Well, May has passed me by! A life changing month, but glad to see June on the horizon.
Monday was my last day of ‘lockdown’ – days 7-10 (chemo treatment being day 1) when my immunity is at its very lowest and I have to be even more careful than usual. On those days I can’t go to supermarkets, hospitals, be around children – pah!, etc and generally best to stay home and keep myself to myself. Having not been out for days, freedom beckoned. Really pleased to have 10 days ahead of, fingers crossed, feeling ok and lots of time to do some fun stuff before chemo 2.
Despite the positive feeling that freedom brought, Monday afternoon/evening I was suddenly so upset, with reality hitting me hard. Just came on all of a sudden and after a couple of hours it had gone again, in part to a walk and a chat with a brilliant friend.
A few things this week have made us realise that chemo isn’t just the day you go in for treatment and the 10 days following. It affects everything, and some things that were insignificant before now loom large.
I mentioned to the chemo unit that I had a routine dental appointment booked and they said it’s fine to go as it’s the 11th day, but ‘of course if you need any work done, fillings etc, then you need to have a blood test.’ They keep mentioning this stuff like I should know, them forgetting that this is all new to me. No work necessary thankfully, but this kind of info keeps reminding me this whole situation is so not normal.
Had a lovely hour or so with Tilly and friends at the park. Really appreciating and enjoying the normal things, things I’d always taken for granted before. Though the afternoon went a bit awry…
I called the chemo unit again as I’d had a sore throat for a couple of days which was getting a lot worse quite quickly and you’re supposed to inform them of this kind of thing so I did. I felt stupid calling them – what is there to be done about a sore throat anyway? Previously they’d said to stay at home and lie low. It’s just a sore throat, right? Wrong! ‘Go and see your GP right now, and you need a blood test.’ Really?? ‘Yes. Don’t mess around with this. Take your temperature every hour. If it goes to 38 or above, or if you feel cold and shivery get straight to A&E for IV antibiotics.’ As I was going to RUH the following day she booked my blood test for then as I didn’t have a temperature at the moment.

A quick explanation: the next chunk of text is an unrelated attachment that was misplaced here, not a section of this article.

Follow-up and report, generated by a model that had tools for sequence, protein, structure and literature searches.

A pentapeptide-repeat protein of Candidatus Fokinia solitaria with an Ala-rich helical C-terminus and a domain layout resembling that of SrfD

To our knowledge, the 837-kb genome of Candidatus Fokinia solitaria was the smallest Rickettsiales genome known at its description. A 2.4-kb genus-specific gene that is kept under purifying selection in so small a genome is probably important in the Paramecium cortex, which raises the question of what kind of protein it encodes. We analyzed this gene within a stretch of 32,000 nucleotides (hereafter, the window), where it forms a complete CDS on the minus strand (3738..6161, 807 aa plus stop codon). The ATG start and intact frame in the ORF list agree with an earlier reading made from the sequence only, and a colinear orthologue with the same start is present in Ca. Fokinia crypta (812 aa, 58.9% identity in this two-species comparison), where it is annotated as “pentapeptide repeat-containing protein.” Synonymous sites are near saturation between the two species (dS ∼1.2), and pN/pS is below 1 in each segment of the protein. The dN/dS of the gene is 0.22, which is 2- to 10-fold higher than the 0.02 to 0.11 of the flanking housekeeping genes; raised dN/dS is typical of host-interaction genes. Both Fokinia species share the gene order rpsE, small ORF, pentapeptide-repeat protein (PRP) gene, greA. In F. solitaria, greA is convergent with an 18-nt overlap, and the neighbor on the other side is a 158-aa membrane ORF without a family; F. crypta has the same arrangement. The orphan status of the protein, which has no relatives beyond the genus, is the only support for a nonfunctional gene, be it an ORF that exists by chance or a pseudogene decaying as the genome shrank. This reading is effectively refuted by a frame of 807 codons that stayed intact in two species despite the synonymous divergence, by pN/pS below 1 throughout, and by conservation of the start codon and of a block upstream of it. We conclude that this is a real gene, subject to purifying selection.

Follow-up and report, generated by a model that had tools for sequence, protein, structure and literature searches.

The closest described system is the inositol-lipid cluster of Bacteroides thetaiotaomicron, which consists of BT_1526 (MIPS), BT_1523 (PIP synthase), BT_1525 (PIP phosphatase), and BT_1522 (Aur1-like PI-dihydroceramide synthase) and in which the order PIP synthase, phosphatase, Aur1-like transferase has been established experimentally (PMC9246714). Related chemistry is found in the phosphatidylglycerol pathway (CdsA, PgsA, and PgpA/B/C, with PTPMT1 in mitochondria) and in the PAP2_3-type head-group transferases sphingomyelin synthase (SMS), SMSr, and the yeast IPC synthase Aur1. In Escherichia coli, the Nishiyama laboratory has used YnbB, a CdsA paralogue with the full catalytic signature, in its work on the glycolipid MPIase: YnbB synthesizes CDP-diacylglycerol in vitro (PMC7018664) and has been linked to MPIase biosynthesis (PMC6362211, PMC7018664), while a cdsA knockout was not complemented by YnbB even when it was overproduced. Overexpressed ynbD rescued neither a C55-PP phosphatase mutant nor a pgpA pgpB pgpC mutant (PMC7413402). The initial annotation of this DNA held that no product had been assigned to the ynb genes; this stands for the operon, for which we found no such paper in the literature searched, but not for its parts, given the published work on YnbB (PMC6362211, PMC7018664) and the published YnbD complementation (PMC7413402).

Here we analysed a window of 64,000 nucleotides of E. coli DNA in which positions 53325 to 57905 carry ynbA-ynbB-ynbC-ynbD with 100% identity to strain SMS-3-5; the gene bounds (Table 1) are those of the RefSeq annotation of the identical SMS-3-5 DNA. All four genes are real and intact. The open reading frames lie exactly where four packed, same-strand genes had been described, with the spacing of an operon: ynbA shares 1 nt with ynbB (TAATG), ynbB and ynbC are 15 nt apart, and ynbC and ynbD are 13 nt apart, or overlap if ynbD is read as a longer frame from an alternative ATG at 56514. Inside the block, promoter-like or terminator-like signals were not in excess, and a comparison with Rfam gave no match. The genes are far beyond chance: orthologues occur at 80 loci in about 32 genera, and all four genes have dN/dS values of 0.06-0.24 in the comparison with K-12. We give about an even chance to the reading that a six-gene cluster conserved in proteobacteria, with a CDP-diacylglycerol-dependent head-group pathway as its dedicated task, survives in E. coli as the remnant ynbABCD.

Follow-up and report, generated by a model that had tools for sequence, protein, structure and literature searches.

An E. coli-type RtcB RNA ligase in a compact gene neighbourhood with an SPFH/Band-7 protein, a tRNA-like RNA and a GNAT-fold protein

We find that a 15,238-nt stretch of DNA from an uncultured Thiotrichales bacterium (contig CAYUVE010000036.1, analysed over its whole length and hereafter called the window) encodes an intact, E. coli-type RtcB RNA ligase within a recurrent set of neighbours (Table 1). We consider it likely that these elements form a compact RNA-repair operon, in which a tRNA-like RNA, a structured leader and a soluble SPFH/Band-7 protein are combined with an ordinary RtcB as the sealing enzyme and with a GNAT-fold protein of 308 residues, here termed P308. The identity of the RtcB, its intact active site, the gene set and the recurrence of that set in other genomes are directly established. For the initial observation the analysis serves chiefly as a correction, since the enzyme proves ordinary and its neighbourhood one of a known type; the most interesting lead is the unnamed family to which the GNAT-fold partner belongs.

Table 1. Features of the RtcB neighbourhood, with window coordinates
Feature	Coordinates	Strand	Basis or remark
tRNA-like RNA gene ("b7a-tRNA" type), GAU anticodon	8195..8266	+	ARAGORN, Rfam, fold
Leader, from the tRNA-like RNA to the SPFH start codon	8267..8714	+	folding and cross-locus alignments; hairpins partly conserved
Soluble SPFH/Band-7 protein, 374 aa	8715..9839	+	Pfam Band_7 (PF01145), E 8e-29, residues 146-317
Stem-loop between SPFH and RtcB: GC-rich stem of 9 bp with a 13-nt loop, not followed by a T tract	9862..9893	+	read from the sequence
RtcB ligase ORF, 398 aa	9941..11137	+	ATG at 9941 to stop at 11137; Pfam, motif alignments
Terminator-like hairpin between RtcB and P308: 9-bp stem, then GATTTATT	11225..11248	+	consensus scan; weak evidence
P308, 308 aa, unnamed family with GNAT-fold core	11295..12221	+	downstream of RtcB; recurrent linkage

Got to GP, and seeing as I’m now special I was ushered through to a separate room to wait for the doc to finish his current appointment. The waiting room is no place for me these days, far too risky! He says it’s just a regular throat infection which I’m having trouble shifting because my immunity is so low, but which has serious implications for me because of chemo.
The blood test the next day checking various counts was ok, which is a relief.
So an afternoon and evening of cancelled plans, and feeling blue that the things that happened this week are now our normal, and just how it has to be for the next 6 months plus. Poops.